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I have a D-Link DGL-4500 router. One of the settings is "Local Domain Name," which I have set to local (see screenshot).

What I expect is for me to be able to hit my computers via name, e.g. m6.local should resolve to one of my computers; but this isn't happening.

I know that I can do this via hosts file, but it would be neat if I could do it via the router... plus I have devices like an iPad that don't let you edit the hosts file.

Am I misunderstanding this router feature or am I doing something wrong?

Image from router

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You're mistaken. It's going to probably be local.local now. Try m6.local.local to test it (or just m6). –  user3463 Feb 21 '11 at 5:05
    
doesn't seem to be working for me –  Giovanni Galbo Feb 21 '11 at 5:13

3 Answers 3

"Local Domain Name" refers to the domain name that the DNS resolver on the client will try in order to find a DNS entry; it does not create a DNS entry on the DNS server. If you have entries in an existing DNS server for "foo.lan" and "bar.lan" then a Local Domain Name of "lan" would let you resolve them using "foo" and "bar" respectively.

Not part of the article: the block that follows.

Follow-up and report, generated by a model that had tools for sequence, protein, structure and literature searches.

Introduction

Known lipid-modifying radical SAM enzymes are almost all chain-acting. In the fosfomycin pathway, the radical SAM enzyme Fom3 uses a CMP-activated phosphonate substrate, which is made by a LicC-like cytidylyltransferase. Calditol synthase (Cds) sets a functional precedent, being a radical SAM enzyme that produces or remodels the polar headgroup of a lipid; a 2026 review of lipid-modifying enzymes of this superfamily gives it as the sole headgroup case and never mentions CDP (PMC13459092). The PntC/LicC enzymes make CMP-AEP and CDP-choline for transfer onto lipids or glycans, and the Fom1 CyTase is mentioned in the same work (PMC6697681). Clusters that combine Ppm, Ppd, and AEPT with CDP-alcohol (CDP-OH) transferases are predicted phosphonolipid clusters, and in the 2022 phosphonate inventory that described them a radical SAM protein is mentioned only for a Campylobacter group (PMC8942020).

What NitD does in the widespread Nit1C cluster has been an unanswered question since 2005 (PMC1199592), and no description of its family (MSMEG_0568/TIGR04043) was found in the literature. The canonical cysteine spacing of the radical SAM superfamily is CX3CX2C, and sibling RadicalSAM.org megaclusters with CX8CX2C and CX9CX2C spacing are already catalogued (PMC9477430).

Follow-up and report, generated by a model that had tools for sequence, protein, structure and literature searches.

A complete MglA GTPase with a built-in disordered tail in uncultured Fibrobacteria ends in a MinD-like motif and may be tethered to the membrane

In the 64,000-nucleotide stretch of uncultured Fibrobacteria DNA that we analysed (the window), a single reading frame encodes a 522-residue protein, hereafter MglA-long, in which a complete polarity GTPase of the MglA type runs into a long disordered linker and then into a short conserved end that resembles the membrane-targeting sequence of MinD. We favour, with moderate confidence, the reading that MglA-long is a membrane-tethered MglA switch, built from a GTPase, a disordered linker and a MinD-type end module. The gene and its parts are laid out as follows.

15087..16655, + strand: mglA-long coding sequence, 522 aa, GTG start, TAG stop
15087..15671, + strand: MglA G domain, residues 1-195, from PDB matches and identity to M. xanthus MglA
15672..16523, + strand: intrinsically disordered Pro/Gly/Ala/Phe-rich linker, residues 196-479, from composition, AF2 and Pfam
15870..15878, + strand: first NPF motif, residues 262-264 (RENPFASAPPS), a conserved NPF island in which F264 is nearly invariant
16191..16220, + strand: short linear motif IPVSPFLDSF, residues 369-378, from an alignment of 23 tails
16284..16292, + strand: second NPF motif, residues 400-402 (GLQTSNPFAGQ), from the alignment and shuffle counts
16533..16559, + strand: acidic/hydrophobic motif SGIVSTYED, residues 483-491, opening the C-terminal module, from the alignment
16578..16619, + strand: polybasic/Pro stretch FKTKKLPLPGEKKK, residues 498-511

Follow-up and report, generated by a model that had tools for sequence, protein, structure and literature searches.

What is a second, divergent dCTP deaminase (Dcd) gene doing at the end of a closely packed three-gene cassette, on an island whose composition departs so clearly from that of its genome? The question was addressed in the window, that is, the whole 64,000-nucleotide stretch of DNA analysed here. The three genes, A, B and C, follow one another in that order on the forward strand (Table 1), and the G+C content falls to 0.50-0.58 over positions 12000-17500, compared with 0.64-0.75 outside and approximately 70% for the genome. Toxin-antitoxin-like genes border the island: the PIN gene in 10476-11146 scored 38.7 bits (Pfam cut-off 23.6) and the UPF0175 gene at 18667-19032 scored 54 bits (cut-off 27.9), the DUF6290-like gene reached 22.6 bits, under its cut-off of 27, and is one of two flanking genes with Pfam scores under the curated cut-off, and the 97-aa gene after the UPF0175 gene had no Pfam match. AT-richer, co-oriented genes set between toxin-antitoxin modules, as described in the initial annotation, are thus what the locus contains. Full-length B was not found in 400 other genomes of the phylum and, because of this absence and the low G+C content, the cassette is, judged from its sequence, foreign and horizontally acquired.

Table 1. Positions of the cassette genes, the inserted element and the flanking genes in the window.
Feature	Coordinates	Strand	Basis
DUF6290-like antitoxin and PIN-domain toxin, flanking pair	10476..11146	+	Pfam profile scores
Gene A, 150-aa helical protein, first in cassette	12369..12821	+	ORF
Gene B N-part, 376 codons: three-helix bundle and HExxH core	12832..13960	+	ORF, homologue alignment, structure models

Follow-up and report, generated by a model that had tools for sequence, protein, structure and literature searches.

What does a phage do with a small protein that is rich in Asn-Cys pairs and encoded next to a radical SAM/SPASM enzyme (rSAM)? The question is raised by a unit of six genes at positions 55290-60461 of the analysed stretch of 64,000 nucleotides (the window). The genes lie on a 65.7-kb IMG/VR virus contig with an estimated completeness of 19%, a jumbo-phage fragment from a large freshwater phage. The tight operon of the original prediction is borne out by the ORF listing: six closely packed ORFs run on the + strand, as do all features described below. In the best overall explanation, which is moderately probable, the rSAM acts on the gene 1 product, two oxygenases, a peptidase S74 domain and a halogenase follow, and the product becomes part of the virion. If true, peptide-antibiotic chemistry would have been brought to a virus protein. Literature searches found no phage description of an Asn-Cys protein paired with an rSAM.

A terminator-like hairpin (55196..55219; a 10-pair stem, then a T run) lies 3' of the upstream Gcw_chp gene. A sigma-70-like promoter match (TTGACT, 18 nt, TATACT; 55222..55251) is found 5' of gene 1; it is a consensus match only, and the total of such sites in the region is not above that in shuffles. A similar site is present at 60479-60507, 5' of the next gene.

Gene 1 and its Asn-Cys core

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Never use 'local' as a selfdefined domain, because its a RFC reserved name like 'localhost'.

My dlink 615 automatically maintains the local domain 'local', even if this field is empty. i think most routers should support .local

If your computers OS doesnt support DDNS to tell the router the computers , then you will need to fill the DHCP Reservations section at the bottom of the page of your routers screenshot. This is actually a mapping of MAC adressses to ip adresses and DNS adresses (this is actually a DNS entry). So when a local computer calls DHCP of your router and the router recognizes the MAC of the computer as an entry of this list, it will assign the mentioned IP and DNS name.

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Actually, most routers don't support "local" as such; instead, the network stack on each computer catches it and uses multicast DNS/zeroconf/Bonjour/etc. –  geekosaur Mar 7 '11 at 21:38

The "local domain name" is used for the router to provide normal DNS service. For example, on mine it's set to kf8nh.com so machines on my network are all identifiable as foo.kf8nh.com where foo comes from the DHCP client ID or static DHCP reservations. If you set (as DHCP normally will) the router as your DNS server, hostnames like that should work; if you also then set the domain name or search path on your computers to the same value then you can use those names without the domain. (I don't know why many/most(?) routers don't send that with the other DHCP options.)

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